You’ve heard it before, maybe from a grandparent or your own parents. Or maybe you’ve even said the words yourself: “I’m never going to end up in a nursing home.” The truth is, today’s modern senior living communities couldn’t be further from the old perceptions of a “nursing home.”
In this blog post, we’ll explore what senior living, assisted living and nursing home terms actually mean, and why you might want to reconsider what you have heard about them.
Know Your Senior Living Terminology
A senior living community describes a residential community designed for older adults who are 55 years of age or older. The different levels of care provided at a senior living community will vary, and they often offer a range of services and amenities.
Note that a continuing care retirement community is a special type of senior living community that offers different levels of care that may include services such as skilled nursing and rehabilitation. This type of community typically includes access to care in its upfront and monthly fees.
Independent living is ideal for older adults who enjoy maintaining an active, connected lifestyle in a community setting. Residents enjoy their own private apartments, as well as access to all of the services and amenities that the community offers.
Assisted living is a type of residence for individuals who need a little extra help with daily activities, but not as much as a nursing home provides. Assisted living residents usually live in their own private apartments, but also have access to some type of specialized care based on their needs.
Skilled nursing care offers residences that provide a wide range of health and personal care services. Residents at a nursing home are more likely to need specialized medical care. Services offered at a nursing home may include nursing care, 24-hour supervision and assistance with activities.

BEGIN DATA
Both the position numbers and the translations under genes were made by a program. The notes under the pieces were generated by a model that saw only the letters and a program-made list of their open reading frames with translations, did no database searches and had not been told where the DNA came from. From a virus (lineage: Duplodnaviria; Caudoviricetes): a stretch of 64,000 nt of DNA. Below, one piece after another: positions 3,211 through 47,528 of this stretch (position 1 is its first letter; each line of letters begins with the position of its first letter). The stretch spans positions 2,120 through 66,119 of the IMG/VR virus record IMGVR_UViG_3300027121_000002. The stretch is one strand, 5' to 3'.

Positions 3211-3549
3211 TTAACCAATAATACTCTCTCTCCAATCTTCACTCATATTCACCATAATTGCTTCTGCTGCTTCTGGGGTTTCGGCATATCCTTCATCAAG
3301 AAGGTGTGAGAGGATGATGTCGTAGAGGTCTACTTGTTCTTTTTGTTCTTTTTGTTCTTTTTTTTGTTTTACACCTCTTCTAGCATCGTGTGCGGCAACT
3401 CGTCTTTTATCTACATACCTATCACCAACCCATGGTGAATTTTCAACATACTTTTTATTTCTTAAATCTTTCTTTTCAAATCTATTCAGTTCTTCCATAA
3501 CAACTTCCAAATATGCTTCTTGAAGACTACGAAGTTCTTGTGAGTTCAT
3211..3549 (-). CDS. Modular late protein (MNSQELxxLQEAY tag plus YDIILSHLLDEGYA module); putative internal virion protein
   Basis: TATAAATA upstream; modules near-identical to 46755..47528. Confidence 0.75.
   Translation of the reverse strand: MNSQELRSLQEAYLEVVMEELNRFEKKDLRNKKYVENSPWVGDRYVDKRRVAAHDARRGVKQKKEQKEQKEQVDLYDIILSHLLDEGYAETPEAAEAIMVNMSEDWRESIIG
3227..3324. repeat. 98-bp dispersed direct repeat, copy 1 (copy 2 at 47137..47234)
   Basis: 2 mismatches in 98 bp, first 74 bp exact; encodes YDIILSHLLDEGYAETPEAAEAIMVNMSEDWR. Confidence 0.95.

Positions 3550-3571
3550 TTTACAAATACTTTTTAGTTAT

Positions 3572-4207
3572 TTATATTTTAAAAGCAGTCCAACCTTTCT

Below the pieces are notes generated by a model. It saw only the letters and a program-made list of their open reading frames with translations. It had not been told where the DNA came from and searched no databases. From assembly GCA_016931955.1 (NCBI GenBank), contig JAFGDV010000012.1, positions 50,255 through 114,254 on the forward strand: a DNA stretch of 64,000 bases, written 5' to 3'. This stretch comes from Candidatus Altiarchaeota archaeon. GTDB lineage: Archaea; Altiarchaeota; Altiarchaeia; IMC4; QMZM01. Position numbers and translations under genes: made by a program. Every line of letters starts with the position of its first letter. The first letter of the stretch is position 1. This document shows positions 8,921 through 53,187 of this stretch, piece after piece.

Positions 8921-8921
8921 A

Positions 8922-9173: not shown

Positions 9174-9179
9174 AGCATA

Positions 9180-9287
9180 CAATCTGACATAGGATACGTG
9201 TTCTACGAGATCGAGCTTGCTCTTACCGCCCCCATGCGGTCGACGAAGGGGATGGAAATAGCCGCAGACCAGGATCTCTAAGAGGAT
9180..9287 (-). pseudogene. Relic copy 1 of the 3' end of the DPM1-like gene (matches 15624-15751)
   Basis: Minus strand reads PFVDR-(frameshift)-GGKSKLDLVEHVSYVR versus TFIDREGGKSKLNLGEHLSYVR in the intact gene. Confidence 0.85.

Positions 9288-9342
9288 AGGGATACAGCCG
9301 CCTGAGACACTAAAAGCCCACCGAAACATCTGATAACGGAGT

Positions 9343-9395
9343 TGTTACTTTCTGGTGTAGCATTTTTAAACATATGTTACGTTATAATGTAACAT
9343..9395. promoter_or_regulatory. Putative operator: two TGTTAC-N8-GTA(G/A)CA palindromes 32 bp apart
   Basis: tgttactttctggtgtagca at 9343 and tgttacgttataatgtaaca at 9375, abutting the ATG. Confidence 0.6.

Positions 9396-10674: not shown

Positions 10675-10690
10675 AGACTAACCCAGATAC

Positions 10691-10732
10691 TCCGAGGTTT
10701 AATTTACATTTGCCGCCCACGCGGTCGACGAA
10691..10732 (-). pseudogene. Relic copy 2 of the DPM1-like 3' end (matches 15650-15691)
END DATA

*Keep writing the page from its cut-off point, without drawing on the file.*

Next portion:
Senior Living vs. Nursing Home: What’s the Difference?
Senior living communities are designed for active older adults. Most will offer a variety of services and amenities. Some will also offer access to additional on-site health services, such as skilled nursing care. It is this type of care that people most often think of when using the term “nursing home.” Skilled nursing care is ideal for those who need specialized medical care due to a specific illness or condition. This could be on a long-term or short-term basis.
In other words, a senior living community is often somewhere you choose to move into based on your own set criteria. Whereas a nursing home typically has set medical requirements for entry and provides an advanced level of care when someone has a physical or mental condition.
What Senior Living Communities Are Really Like
Senior living communities are somewhere you move when you are independent and want access to services and amenities that enhance your freedom to explore hobbies and interests. Access to meals, housekeeping and on-call maintenance are just a few examples.
The best time for an older adult to move into a senior living community is right around retirement age, sometimes even before, so they can get the most out of what is being offered. Life at a senior living community is what you make of it. Perhaps the biggest appeal of these types of residences is they provide more opportunities to build relationships and try new things.
A top-notch senior living community will help you get the most out of your retirement and allow you to pursue your passions.
Explore Community Living at Harbour’s Edge
Harbour’s Edge is a continuing care retirement community that offers abundant services and amenities, on top of access to on-site skilled nursing and rehabilitation health services as needed. When you choose to live at Harbour’s Edge, you gain access to a supportive community that gives you the tools and freedom to be as social and active as you want to be.
Contact us today or complete the form below to learn more about life at Harbour’s Edge.